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We decided to combine the opening and closing tracks, the 2:10 “Firstlight” and the 5:01 “Arclight,” as the intro is essentially the same composition. But as “Arclight” develops, after 45 minutes of so of what the listener has experienced before it, a pulsating rhythm starts to emerge. “Forget your fears, and want no more,” Harris offers over a delicate and deliberate house beat, and the song’s uplifting, accepting message coupled with a gentle, orchestral composition is the perfect closer for an otherwise emotive thrill ride. I don’t want to elicit the notion of “death,” but this closing track always embodied, to me at least, how a human being would want to pass: eyes closed, peacefully, comfortably, on the bed, drifting off through the portal of sleep. Harris’ delivery of “…And want no more” as the album’s closing message is perfect.
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For as gentle and careful as “Arclight” is, “Legion” shows the dance-floor punch like few other tracks of the era. I don’t want to turn this onto a Ronan Harris Lyrical Retrospective, but the words here are important and lines like “None can change in me these things that I believe” and “Enveloped in a sentiment, a sound that rushes over me/Engage an impulse to pretend, I have a faith that’s pure” over a coiling bass hook, monk-like chants, and twinkling synths are just what makes this album so fucking special. “Legion” is the soundtrack before that moment of conquest, that realization that the impossible can be done, that self-empowerment that leads to getting up off the floor. This is where the superhero finds his identity.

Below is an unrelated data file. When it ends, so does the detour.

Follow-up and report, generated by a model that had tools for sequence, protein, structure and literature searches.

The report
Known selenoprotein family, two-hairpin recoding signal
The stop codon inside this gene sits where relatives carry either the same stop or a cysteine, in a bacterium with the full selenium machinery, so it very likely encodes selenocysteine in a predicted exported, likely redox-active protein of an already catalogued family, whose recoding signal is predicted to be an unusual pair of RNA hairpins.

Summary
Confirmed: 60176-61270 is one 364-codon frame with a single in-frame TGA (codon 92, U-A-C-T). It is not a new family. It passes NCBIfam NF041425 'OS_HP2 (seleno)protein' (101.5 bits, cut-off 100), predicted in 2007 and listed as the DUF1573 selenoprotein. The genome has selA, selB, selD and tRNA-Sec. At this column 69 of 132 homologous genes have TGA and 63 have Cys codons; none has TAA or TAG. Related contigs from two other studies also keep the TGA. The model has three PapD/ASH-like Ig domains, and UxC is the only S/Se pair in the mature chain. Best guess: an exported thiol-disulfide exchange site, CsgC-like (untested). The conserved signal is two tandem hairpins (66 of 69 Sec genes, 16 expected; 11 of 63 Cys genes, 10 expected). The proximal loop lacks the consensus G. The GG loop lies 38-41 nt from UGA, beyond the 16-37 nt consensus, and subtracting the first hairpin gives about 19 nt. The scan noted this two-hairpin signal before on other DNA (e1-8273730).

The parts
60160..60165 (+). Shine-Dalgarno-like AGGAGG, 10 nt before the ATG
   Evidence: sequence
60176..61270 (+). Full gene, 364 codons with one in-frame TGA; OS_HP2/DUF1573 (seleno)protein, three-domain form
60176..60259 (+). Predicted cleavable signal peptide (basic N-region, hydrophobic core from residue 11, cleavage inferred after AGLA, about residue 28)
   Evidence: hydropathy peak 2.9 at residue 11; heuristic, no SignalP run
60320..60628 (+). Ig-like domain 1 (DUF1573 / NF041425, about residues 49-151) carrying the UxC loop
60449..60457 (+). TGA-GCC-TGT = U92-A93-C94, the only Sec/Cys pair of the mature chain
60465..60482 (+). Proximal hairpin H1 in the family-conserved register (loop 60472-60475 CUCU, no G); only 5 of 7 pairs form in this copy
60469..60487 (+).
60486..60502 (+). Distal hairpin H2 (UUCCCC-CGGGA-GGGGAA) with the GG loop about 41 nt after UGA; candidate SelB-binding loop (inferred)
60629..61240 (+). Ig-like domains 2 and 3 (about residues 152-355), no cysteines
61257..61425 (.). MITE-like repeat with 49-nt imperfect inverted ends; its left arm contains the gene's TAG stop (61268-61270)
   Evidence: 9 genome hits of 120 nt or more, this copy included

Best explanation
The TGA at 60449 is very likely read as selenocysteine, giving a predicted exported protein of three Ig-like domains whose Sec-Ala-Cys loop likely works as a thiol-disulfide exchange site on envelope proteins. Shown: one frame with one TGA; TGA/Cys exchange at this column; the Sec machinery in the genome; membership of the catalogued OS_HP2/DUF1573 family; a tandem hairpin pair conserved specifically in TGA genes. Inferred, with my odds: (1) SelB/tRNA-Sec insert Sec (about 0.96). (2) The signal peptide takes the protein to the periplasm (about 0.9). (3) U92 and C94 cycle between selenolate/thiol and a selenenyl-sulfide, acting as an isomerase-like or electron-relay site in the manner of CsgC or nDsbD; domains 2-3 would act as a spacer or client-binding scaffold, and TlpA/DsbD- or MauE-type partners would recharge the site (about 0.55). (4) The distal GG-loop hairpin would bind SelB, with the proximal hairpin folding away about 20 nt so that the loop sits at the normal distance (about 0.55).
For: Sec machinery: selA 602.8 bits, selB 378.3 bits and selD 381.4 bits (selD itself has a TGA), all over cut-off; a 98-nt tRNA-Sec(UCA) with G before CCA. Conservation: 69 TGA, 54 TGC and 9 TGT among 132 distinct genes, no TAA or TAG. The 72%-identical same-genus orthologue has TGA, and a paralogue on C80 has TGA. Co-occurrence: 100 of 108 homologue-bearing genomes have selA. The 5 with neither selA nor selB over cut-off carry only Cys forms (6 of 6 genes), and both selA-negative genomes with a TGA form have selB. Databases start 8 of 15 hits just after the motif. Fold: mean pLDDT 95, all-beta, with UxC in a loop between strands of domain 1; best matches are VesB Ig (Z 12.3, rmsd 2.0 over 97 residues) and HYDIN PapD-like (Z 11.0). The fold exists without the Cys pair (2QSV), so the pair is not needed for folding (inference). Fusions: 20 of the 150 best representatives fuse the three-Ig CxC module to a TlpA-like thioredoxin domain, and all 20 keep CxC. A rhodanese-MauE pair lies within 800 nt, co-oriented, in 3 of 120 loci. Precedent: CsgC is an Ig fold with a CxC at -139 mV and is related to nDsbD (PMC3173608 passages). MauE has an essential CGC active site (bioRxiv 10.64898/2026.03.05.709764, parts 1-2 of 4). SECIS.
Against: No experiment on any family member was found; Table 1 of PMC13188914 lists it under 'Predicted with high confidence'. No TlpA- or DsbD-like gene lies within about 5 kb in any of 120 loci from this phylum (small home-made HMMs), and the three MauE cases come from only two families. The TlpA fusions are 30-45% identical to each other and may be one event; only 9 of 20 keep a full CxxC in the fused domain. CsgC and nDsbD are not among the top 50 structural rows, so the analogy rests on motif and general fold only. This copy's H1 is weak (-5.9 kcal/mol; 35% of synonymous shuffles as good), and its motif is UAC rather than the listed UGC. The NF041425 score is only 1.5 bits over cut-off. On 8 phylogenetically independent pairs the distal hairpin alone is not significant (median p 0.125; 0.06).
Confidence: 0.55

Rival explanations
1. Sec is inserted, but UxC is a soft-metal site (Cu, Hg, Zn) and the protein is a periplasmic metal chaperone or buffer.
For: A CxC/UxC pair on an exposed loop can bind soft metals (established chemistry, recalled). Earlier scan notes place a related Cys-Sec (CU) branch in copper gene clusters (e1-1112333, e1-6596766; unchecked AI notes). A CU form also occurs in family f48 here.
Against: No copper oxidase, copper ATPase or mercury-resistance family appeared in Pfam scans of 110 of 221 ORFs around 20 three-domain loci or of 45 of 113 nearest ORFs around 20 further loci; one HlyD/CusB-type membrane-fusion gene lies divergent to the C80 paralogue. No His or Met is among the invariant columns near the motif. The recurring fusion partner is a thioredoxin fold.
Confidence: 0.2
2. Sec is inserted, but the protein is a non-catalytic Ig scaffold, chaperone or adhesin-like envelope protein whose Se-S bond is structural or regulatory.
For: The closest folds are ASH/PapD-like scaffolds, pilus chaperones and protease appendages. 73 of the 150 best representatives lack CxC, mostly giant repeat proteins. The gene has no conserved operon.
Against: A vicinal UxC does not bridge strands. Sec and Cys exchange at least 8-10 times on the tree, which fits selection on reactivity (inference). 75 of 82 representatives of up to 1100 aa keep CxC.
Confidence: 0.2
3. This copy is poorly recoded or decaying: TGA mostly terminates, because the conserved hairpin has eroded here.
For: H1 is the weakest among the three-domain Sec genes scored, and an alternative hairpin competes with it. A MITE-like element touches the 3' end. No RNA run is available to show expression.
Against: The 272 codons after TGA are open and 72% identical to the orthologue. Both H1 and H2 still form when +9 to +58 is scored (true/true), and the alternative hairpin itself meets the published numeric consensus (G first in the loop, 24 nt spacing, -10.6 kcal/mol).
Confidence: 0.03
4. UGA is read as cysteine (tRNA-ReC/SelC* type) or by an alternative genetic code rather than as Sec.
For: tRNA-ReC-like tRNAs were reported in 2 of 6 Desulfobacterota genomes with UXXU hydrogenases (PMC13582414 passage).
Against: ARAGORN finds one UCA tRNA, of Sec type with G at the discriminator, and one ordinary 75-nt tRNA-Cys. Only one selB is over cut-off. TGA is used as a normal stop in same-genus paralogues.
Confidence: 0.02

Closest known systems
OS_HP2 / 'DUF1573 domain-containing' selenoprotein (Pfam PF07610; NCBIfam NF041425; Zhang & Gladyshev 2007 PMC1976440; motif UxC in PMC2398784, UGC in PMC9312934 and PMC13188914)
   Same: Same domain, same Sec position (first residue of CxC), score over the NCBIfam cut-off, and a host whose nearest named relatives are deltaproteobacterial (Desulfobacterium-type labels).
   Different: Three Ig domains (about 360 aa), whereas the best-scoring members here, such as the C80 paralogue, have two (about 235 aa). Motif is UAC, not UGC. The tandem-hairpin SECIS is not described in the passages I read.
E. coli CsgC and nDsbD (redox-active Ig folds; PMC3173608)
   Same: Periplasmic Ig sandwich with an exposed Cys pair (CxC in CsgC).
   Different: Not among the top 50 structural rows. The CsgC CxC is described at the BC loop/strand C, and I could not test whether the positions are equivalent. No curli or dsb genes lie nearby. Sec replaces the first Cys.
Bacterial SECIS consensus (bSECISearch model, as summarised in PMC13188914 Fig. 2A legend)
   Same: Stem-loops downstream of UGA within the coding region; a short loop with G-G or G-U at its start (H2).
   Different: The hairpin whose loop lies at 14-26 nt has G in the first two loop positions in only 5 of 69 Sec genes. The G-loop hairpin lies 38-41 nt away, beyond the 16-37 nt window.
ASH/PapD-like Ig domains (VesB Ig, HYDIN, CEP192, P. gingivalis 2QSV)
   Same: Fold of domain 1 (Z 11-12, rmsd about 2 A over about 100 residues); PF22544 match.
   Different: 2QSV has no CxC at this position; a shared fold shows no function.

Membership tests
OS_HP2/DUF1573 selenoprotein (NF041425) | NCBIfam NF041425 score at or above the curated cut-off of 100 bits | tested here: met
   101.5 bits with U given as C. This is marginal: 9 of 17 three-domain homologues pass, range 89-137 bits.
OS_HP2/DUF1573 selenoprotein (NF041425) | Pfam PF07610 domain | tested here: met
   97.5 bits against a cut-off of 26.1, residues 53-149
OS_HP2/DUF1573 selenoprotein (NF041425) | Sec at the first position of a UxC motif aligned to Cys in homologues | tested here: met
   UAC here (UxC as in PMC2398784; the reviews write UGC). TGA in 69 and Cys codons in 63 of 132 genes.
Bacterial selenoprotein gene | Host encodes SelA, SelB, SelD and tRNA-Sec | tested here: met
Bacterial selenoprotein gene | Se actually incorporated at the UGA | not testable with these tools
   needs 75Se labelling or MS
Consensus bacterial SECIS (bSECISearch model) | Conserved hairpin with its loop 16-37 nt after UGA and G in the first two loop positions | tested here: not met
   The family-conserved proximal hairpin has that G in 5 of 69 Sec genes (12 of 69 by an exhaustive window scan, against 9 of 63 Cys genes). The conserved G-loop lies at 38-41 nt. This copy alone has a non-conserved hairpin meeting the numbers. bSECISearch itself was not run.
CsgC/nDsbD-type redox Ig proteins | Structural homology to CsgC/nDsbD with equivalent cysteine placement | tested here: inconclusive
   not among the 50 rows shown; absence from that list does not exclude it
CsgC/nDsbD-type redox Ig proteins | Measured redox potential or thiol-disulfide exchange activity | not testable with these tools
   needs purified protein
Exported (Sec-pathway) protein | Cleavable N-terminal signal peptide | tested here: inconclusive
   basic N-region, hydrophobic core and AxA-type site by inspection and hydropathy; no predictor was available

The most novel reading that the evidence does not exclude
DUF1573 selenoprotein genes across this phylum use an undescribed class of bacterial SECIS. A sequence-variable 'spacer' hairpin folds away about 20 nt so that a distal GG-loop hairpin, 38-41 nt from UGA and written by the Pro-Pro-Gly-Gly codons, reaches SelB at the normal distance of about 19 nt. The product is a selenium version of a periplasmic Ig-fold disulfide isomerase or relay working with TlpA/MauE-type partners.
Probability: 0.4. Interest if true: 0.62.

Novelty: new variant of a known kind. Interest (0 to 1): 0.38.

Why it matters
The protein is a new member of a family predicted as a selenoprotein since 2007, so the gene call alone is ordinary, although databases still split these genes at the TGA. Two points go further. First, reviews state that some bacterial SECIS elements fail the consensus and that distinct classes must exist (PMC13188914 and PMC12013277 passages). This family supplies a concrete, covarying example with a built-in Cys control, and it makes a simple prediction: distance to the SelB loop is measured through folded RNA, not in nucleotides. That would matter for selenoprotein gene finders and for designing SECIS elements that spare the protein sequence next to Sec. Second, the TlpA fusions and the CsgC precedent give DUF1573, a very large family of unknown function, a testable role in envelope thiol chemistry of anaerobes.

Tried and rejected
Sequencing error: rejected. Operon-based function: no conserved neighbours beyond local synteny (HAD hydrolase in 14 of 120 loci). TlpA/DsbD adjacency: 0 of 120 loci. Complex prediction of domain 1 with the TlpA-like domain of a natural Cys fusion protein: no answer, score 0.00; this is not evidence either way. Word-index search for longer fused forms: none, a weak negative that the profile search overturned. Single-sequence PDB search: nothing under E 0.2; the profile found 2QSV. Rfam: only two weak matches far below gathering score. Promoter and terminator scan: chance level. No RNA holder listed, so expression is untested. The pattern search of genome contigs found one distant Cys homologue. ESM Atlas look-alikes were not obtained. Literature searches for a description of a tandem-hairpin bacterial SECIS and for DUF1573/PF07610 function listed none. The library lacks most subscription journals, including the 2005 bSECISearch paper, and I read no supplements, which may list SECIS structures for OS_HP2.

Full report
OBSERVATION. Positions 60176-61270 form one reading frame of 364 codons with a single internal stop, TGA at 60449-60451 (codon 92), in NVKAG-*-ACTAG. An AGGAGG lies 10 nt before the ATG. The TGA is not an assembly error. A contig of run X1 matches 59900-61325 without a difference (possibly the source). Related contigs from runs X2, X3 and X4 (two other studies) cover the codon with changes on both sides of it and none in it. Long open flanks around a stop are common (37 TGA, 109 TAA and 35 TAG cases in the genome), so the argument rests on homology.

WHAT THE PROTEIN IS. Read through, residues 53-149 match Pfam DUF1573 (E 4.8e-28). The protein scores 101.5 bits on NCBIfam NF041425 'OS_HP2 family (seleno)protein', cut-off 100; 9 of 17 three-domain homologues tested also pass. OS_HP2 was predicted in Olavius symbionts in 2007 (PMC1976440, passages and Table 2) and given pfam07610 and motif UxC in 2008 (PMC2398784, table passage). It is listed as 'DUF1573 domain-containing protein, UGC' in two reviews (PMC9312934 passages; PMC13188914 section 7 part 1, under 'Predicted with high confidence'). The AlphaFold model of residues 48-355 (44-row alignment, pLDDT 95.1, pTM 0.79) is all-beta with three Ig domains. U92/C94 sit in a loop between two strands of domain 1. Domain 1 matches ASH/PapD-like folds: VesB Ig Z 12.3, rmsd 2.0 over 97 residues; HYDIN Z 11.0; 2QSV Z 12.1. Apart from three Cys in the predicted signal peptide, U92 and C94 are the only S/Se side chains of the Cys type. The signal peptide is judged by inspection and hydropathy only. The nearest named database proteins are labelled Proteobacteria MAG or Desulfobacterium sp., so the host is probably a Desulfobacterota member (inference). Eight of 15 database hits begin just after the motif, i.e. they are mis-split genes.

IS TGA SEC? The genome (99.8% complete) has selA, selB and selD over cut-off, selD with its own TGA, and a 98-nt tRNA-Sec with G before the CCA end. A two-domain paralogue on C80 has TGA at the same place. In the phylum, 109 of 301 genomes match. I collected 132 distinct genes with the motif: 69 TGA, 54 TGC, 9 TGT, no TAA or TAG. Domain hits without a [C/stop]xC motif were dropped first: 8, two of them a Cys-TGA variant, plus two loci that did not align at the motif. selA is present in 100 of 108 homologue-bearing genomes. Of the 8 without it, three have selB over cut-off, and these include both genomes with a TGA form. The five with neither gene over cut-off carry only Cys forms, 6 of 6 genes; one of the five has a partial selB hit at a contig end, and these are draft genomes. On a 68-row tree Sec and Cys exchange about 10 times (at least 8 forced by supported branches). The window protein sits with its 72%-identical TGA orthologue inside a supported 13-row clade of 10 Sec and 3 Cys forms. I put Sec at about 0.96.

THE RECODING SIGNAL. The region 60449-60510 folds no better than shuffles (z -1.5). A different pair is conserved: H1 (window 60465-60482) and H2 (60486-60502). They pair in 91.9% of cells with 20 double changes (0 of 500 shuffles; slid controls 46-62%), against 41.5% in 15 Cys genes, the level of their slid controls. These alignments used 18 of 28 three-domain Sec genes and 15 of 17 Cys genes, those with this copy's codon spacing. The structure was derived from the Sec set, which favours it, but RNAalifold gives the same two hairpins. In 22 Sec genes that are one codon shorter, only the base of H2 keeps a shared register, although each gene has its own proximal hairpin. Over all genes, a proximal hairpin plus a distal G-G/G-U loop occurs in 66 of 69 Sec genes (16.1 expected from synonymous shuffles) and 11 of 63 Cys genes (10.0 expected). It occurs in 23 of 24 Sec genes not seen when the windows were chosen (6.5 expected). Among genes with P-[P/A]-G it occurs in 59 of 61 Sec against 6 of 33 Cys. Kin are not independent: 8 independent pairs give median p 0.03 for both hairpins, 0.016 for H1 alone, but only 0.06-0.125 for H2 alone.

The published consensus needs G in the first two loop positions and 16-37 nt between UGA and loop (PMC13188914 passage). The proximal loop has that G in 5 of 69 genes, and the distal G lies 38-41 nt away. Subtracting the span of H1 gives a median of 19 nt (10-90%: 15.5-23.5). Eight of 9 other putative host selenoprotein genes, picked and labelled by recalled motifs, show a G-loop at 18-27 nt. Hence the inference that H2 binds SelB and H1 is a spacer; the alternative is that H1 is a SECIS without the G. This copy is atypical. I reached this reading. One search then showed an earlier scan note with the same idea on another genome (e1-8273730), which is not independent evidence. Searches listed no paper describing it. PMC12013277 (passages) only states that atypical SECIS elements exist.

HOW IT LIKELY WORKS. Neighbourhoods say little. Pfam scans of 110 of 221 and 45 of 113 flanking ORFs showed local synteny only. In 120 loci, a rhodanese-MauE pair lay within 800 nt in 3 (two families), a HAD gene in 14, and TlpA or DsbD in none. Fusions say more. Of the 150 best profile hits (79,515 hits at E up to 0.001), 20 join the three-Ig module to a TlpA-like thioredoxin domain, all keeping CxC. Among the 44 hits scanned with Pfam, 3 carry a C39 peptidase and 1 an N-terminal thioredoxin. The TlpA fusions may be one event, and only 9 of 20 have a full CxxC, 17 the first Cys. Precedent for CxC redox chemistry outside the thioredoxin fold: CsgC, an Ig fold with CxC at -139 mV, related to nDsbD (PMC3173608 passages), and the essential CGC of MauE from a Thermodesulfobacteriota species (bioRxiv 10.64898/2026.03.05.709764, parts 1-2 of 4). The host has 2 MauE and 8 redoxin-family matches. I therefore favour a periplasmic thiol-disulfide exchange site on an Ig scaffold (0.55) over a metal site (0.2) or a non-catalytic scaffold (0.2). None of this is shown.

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“Standing” may be to the industrial party what Pulp’s “Common People” is to the Britpop night, but after the eyes stop rolling it’s vital to appreciate why it holds such a distinction. It’s slightly odd to rank what is likely VNV Nation’s most popular song — and the first one I ever heard, personally — so deep down in this list, but it’s a testament to the songs above and nothing more. People like to joke that this is the ladies’ preferred VNV song, but at its core it’s a fantastic pop number that in a fucked up bizarro world would crack the Top 40. The construction, the progression, the symphonic nature of “Standing” all add up to one classic song that holds its own in any genre. More than a few EDM songs that are popular today owe a bit of their success to it.
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Another victim of the greatness of the songs before it, “Darkangel” weaves in and out of aggressive harmony, and showcases Jackson’s talents more than the other tracks on Empires. When performed live, it seems to be the song where the eyes are drawn to Jackson’s feverish live drumming. But there’s a reason why this was the album’s lead single, and many times I wish that outro synth loop around the 5-minute mark was extended into something more.
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At more than six minutes long and packing a forceful wallop that seduces as it strikes, the only drawback to “Rubicon” is its slight repetitiveness and familiarity to the songs off Praise The Fallen. Nothing really sticks out lyrically here, though it does have merit and its percussion stands tall. Being wedged between “Kingdom” and “Savior” on the Empires tracklisting has made me hit “skip” on more than one occasion.
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8. “Distant (Rubicon II)”
By far the shortest non-“intro” song on Empires (a very Biblical 3:16), and coming in as Track 6 on Empires, “Distant (Rubicon II)” always felt like an intermission. It’s orchestral and pretty, but there’s just not enough here to best the seven tracks above it. And though it’s billed as a sequel to “Rubicon,” it might have been better served to appear right before it rather than a few tracks after it.
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For a while in the late’90s and early-2000s, it seemed every industrial-flavored musical project needed to whip its dick out and flash it around for the rivetheads, and that’s what we have here. It has traces of edgier 1995 debut record Advance And Follow flowing through it, and its aggression and heaviness falls flat against the beauty that surrounds it. To quote Billy Bob Thornton in Bad Santa, “They can’t all be winners, kid.”